Yes, times are hard, interfaith events have been cancelled and large dialogue programs are out of the question, but there are still things we can do. Here are several ideas that are worth pursuing. Please, share additional ideas in the comment section.
Exploring co-humanity is never a waste of time. In fact, it seems to be the only doorway that will open up a possibility for respectful ideological exchanges. The following are several examples of co-human encounters. This list will get you started. Getting people together is a creative process and the only thing that limits your options is your own imagination.
The premise for engaging in shared human experiences (which is something we encourage here at Harmony Interfaith Initiative) is fairly simple. If people can be around each other doing co-human things—i.e., things that everyone does, such as eating food, helping others, creating, talking about their family, sharing their life story, etc.—and not feel threatened, anxieties are reduced, empathy is increased, trust is built, and perceptions are changed.
More in Common
Here’s the thing. Birds of a feather flock together. People self-segregate. This is both natural and normal so long as it is not coerced. Individuals choose to be around others who are like them.
And yet, most folks make a noteworthy discovery when they set aside visual and ideological distinctions and mingle with people who they previously thought of as completely different, essentially, that they have more in common than they realized.
In the modern world, there is a tremendous need for interfaith dialogue. When done right, dialogue can ease tensions, reduce anxiety, build trust, increase empathy, and change perceptions.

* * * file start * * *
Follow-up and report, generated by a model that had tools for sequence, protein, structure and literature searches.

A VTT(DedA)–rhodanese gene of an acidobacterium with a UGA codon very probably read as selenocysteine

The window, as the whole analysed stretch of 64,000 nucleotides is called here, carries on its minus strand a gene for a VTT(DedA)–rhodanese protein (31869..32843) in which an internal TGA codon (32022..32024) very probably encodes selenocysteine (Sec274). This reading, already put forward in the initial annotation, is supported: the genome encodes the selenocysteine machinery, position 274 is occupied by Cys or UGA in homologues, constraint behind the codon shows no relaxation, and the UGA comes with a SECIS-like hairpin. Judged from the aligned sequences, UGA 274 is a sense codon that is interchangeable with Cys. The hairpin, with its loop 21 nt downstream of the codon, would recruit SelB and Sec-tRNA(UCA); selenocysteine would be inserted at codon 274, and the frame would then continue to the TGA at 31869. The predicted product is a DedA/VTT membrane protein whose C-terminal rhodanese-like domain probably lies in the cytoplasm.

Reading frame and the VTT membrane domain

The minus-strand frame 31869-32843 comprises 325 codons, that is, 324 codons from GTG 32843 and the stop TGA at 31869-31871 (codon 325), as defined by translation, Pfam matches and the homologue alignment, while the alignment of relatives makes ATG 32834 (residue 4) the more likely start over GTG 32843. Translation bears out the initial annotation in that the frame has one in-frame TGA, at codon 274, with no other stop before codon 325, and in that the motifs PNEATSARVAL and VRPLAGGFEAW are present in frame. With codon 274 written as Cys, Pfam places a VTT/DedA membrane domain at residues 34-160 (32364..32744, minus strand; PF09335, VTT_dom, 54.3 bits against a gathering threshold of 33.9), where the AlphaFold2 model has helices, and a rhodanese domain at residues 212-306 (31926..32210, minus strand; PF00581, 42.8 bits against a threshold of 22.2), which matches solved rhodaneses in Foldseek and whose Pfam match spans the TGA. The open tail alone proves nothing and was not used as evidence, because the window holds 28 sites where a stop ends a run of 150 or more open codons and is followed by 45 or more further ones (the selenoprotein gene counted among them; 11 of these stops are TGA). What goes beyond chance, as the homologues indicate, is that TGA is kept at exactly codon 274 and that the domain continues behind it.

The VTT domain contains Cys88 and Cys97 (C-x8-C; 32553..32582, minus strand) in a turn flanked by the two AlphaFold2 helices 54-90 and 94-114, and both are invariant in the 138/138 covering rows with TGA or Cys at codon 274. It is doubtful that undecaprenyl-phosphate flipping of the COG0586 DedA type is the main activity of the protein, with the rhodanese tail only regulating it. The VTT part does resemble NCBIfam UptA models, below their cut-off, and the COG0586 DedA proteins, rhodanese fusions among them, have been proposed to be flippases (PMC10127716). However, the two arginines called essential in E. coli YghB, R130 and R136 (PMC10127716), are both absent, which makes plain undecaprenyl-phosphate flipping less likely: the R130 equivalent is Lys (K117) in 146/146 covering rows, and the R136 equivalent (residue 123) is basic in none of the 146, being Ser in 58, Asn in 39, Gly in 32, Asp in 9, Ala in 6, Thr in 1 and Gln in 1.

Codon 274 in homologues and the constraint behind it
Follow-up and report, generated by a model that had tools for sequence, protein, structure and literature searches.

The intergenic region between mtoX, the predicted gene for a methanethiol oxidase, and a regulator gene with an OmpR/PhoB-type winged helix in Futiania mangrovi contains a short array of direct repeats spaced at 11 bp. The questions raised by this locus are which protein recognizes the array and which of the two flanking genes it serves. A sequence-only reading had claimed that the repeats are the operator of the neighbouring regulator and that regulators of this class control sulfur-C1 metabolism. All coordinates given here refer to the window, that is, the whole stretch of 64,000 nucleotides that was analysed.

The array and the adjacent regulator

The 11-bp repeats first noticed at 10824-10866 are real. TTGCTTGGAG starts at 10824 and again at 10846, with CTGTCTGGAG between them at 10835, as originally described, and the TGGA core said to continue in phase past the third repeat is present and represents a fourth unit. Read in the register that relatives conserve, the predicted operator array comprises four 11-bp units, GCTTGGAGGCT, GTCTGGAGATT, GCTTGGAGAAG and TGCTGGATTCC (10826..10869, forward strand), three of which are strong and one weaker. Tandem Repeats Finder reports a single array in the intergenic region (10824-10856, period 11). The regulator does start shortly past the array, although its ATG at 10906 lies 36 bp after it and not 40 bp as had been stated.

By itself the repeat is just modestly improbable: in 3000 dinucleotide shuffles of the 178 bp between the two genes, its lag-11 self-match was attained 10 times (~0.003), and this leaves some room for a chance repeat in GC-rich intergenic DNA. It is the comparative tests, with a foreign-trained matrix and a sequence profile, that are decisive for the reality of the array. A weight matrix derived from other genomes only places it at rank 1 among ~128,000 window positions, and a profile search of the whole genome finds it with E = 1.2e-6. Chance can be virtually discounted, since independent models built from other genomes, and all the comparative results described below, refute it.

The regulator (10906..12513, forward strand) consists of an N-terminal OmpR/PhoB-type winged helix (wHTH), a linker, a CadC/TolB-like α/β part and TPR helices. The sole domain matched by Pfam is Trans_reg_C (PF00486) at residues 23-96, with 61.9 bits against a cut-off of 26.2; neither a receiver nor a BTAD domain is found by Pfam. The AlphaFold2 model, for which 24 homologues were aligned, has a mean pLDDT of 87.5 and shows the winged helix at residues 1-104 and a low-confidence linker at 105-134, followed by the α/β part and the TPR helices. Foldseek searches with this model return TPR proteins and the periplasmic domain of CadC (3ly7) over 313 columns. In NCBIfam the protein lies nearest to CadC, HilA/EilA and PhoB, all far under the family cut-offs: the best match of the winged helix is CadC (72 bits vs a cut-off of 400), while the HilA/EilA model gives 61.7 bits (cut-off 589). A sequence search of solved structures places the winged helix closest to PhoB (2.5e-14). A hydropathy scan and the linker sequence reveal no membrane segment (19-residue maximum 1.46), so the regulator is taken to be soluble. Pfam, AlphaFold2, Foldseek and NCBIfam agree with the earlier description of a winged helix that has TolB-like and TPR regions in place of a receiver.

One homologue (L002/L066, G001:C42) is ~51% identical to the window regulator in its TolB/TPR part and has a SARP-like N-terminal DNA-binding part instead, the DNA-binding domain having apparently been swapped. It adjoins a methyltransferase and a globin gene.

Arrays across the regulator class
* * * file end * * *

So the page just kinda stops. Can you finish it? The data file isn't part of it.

But, when done wrong, it can cement distrust, fortify stereotypes, and deepen divides. The wrong way, in this context, is to bring total strangers together and lead with the most contentious topic that you can find. It doesn’t take an active imagination to see where that will end.
If you are interested in improving relations, both between people of different faiths and between people of no faith and the faithful, allow me to offer a step-by-step approach that has served the interfaith community well.
How many times have you been having a conversation about your values or beliefs—political, theological, spiritual, nutritional—and been met with absolute statements? People say things like: “The truth of the matter is that…” or “what you don’t know is that…” or “this is that way…”
Telling people how things are, what the truth is, and what they don’t know, in relation to beliefs and values is extremely unhelpful in a two-sided dialogue.
The fix is simple, yet powerful. All you have to do is qualify statements with the words “what I believe” or “what we believe” or “my tradition says” and so on. It doesn’t sound like much, but it makes a world of difference. Even when you believe that what you are saying is the absolute truth, you are not betraying your belief by stating that, in fact, it is a belief. Rather, you are opening yourself up to dialogue.
If you tell me what you believe, then I can respond by telling you what I believe. But if you tell me how things are, then the probability of the dialogue turning into an argument increases.
Ideas that promote social harmony and bridge-building across divides.
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Our mission is to train and support people who want to do good in the world. We do this by providing access to strategies, methods, and ideas that promote social harmony and enable bridge-building across divides. Our primary goal is to help others create harmony in diverse communities.
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Registered in Hays County, Texas
Founded in 2018
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